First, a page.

The Stats Are Not Pretty

Does your child need academic support in college? 

If your child used academic support in high school – whether that meant an educational plan (504, IEP), tutoring or regular help at home to break down long-term projects, stay organized, hand in assignments on time, etc. – my answer is almost certainly “yes.”  All the good reasons for getting extra help in high school continue (and expand) in a more rigorous college environment.

Granted, not everyone agrees with me. I often hear of students who think they are all set and who don’t want the hassle of an extra appointment to “get help.” As a result, they wait until midterms are returned to realize they are in trouble. At that point, there are frantic visits to the overcrowded academic support center, increased stress and a snowball effect which may keep things from ever getting completely back on track.

Which is why I bring this up now, as juniors are starting to form their lists of schools to visit and seniors are in the process of making their final school choices.

Academic support – that same support that helped them succeed in high school – is what will ensure that they continue on that path in college.  Your student needs to understand this and, therefore, he/she needs to choose schools that offer good, easy-to-access support.  Believe me, not all schools are alike in this regard!

Check out these sobering statistics from the February 13, 2014 edition of The Hechinger Report:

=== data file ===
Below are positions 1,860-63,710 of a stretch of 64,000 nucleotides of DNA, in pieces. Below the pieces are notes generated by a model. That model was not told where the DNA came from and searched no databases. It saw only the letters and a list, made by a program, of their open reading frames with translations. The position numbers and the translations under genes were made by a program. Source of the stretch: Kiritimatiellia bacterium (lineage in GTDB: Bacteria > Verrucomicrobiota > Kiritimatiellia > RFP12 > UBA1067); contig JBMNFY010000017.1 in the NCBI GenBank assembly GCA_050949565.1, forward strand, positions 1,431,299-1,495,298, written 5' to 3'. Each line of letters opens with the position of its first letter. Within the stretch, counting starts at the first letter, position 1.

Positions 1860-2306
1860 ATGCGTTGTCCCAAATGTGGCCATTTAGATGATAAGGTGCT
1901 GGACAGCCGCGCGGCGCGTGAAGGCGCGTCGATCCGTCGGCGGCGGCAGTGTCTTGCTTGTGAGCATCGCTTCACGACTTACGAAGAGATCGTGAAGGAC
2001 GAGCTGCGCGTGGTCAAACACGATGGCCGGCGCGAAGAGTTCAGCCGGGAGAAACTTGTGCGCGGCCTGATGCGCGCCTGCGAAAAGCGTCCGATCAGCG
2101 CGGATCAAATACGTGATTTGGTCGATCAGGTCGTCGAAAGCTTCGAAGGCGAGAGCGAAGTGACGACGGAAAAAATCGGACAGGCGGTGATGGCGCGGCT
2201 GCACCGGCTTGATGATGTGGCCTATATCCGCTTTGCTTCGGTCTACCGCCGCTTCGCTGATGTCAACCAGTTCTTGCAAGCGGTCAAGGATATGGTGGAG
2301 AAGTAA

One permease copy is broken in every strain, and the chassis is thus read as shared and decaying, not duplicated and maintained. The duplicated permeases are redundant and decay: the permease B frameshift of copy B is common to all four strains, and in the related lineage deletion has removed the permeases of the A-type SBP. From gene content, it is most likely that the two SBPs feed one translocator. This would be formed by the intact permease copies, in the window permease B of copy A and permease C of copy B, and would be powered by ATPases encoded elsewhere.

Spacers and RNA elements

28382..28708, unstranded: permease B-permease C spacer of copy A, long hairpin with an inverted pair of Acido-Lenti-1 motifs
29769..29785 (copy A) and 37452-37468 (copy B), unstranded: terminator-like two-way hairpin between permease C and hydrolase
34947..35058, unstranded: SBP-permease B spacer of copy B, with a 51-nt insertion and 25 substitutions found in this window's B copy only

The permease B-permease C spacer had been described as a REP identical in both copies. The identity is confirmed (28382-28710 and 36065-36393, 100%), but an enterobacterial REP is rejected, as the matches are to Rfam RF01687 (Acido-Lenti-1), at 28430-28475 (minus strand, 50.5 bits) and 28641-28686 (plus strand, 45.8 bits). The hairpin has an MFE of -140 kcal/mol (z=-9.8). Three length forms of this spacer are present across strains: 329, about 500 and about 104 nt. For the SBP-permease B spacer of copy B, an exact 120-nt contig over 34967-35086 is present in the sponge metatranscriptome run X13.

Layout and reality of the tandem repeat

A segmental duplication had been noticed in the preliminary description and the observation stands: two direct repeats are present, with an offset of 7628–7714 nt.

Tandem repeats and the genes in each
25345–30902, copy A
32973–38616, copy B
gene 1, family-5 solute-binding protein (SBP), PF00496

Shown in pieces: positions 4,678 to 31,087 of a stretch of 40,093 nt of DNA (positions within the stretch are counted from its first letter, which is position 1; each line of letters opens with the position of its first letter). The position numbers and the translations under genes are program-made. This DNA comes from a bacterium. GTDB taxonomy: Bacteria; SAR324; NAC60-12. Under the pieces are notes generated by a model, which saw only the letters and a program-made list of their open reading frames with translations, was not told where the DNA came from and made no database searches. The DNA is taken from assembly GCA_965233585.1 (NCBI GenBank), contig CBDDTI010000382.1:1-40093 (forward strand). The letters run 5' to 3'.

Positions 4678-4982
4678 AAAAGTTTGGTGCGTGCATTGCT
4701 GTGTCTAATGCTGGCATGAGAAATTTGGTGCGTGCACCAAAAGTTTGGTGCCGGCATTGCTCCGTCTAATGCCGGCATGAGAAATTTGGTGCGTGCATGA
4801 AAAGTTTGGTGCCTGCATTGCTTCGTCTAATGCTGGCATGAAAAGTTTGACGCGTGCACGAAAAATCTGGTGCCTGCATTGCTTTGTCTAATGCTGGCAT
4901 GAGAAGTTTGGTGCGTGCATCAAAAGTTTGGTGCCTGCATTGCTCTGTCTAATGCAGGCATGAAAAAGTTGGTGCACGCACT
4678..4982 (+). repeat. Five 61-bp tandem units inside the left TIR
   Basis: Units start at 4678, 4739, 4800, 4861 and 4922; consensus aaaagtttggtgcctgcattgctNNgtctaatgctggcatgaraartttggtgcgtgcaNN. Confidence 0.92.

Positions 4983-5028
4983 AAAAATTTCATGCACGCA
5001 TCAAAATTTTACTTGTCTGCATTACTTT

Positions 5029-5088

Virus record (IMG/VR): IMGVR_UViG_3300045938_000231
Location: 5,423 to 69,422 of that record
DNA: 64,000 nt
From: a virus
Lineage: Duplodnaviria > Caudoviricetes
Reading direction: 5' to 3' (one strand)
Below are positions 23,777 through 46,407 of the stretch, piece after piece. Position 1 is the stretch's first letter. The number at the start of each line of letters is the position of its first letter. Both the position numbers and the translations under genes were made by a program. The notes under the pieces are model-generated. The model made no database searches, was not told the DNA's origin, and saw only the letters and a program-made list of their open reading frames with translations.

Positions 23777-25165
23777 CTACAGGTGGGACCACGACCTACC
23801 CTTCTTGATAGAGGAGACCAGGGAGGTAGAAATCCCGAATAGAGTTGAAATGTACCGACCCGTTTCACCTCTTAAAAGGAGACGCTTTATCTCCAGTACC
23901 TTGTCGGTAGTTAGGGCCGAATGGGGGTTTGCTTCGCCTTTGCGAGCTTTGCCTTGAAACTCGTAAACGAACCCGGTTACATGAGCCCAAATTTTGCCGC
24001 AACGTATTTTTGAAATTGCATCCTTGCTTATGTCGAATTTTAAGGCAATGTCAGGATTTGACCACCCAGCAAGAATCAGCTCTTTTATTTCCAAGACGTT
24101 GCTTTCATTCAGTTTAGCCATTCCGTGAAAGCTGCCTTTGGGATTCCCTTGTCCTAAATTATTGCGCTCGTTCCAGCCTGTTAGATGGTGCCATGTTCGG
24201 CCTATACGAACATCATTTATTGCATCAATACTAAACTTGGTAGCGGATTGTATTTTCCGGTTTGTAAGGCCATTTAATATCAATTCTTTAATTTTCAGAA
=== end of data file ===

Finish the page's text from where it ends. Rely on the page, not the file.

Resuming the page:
“And while 94 percent of high school students with learning disabilities get some kind of help, just 17 percent of learning-disabled college students do.”

“Learning-disabled students are far more likely than others to drop out of four-year colleges. Just 34 percent complete a four-year degree within eight years of finishing high school, according to the National Center for Special Education Research—compared to 56 percent of all students nationally who the National Student Clearinghouse reports graduate within six years.”

Here is the full article – it’s worth a read.

Remember, as you and your child are making school lists and visiting campuses, make sure you assess the academic support available. Make this a priority and things are likely to go a lot more smoothly in that first semester.

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